What Caused the Strong Straight-Line Winds on Saturday?

A thunderstorm developed on Saturday over southwest Indiana and steadily moved right along Interstate 64, through Louisville, Frankfort, and into the Blue Grass.  This storm produced wind damage along much of its path.  So far, it appears the damage was caused by straight-line winds, possibly in the form of successive downbursts. 

 

downburst banner
Madison County, KY.  June 5, 2007.  T. G. Shuck/WKYT

Downbursts are powerful winds that descend from a thunderstorm and spread out quickly once they hit the ground.  These winds can easily cause damage similar to that of a EF0 (65-85mph winds) or even EF1 (86-110mph winds) tornado, and are sometimes misinterpreted as tornadoes.  However, downbursts are a completely separate phenomenon, and are a common area of study by meteorologists.  Fortunately, our understanding of both the formation and detection of downbursts has increased dramatically since intense study of them began in the early 1980s. 

In the initial stages of a growing thunderstorm, a powerful updraft dominates.  The cloud grows vertically, and raindrops and hailstones start to form. TCU
Lanesville, IN.  May 29, 2006.  Alan Stewart



As the storm matures, the updraft (red arrows in the image on the right) continues to feed the cloud with moist, unstable air.  Raindrops and hailstones become large enough to fall to the ground (green arrow).  Sometimes the updraft coming into the storm is so strong, it suspends a large amount of rain and hail in the middle and upper parts of the storm.  Meanwhile, strong flow can develop on the backside of the storm and introduce drier air into the middle and lower parts of the storm (blue arrows).

CB
Elizabethtown, KY.  June 5, 2007.  Steven Townsend Code 3 Images Photography

In the production of the downburst, that large core of rain and hail that the updraft had been holding in the upper parts of the storm falls rapidly towards the ground.  It falls very quickly and drags a lot of air along with it, gaining speed as it plummets earthward.  If the air beneath the base of the storm has low relative humidity, the downdraft's speed will increase further as some of the rain entering the dry air evaporates and cools the air, making the air "heavier."  Then, if there is also a current of dry air coming into the storm aloft, cooling by evaporation can increase further and the downdraft becomes even stronger.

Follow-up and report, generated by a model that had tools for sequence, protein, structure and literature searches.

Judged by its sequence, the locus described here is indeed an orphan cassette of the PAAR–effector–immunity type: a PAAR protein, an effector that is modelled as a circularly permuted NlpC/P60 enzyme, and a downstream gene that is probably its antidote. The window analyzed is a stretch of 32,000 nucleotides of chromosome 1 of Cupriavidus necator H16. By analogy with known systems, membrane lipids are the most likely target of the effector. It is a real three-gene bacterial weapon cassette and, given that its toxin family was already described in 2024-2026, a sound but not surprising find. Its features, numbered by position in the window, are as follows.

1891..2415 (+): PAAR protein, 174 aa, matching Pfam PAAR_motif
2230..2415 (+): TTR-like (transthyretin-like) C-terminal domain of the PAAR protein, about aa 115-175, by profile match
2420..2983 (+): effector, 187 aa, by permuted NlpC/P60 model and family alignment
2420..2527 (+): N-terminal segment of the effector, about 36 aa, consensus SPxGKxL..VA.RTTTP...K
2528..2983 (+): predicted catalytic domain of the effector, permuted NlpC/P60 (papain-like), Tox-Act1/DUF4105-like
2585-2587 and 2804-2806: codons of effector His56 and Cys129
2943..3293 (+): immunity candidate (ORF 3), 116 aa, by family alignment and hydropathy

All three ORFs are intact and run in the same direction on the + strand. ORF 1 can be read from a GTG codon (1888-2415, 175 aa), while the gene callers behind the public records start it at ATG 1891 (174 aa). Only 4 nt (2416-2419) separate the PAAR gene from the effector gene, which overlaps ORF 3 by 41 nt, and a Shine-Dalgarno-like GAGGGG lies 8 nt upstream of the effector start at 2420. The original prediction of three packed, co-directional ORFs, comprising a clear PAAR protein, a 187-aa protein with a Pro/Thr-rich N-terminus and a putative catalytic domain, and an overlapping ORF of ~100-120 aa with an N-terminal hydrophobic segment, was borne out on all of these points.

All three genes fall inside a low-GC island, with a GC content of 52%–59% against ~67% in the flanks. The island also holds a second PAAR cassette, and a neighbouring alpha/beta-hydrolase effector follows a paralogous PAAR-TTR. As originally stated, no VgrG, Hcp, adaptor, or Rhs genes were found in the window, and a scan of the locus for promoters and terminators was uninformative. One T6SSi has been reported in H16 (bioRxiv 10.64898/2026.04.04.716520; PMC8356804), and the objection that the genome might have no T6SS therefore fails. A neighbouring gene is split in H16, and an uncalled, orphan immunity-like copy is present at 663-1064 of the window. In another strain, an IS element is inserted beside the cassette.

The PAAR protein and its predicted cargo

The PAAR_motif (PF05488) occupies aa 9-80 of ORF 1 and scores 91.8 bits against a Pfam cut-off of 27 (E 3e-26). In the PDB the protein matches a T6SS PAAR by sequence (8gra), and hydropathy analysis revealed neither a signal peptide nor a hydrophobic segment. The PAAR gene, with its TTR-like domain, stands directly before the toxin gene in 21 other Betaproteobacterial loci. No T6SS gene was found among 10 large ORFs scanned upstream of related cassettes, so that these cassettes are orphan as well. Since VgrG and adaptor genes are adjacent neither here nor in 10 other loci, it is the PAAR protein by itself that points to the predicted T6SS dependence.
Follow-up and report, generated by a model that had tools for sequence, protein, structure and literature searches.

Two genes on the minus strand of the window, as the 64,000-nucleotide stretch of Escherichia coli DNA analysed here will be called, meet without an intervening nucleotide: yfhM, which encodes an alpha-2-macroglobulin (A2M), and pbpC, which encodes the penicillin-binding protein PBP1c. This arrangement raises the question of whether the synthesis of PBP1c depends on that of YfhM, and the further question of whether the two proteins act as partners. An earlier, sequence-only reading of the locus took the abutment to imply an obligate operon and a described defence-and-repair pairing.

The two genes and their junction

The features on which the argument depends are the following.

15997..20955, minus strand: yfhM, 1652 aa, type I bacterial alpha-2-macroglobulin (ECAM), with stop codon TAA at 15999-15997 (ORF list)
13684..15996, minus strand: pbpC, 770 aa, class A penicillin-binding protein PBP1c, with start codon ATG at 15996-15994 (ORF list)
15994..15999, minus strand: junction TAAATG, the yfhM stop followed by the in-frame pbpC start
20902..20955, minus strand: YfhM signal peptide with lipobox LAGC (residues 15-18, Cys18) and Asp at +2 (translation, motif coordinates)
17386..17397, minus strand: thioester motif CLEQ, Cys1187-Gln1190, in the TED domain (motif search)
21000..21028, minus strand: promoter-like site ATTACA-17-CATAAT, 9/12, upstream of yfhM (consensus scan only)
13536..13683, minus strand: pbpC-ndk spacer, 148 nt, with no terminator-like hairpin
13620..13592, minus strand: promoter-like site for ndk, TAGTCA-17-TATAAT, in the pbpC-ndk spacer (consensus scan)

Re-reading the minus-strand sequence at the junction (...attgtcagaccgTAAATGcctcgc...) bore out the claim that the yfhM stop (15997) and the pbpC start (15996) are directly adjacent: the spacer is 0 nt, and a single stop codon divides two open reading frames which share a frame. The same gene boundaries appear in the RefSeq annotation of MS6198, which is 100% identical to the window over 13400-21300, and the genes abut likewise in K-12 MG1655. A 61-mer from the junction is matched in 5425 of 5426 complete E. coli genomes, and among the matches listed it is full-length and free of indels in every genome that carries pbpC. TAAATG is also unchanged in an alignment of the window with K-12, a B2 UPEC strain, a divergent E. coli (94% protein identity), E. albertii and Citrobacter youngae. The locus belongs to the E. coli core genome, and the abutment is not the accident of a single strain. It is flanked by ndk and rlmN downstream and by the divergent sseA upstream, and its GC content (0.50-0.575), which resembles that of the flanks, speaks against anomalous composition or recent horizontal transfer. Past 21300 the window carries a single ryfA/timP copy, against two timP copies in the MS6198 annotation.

When the downdraft hits the ground, much like a stream of water coming out of a faucet and hitting the sink, it spreads out rapidly in all directions and becomes known as a downburst.  Downburst wind speeds have been known to exceed 100 mph -- as strong as a tornado!  Also, from a distance downbursts can sometimes look similar to tornadoes, as seen in the image on the left below.

The type of downburst we hear about most often is a "microburst," which means the damaging winds are confined to an area less than two and a half miles across.  Otherwise, it's a "macroburst."

Microburst
Georgetown, KY.  July 18, 2007. 

 

Graphical depiction of a downburst
How a downburst can look on radar.  The purple colors show the heavy precipitation aloft in the storm, and descending to the ground on the left side of this image.  This storm produced wind damage in Hart County on July 10, 2010.

On radar, to warn for this type of storm, meteorologists typically look for converging air streams in the middle section of the storm and a large core of precipitation being held aloft by a strong updraft.  If it is felt that a storm will produce a damaging downburst, a Severe Thunderstorm Warning is issued.  Normally a Tornado Warning is not issued, since a downburst is not a tornado.  As a result, it is very important to take Severe Thunderstorm Warnings just as seriously as Tornado Warnings!



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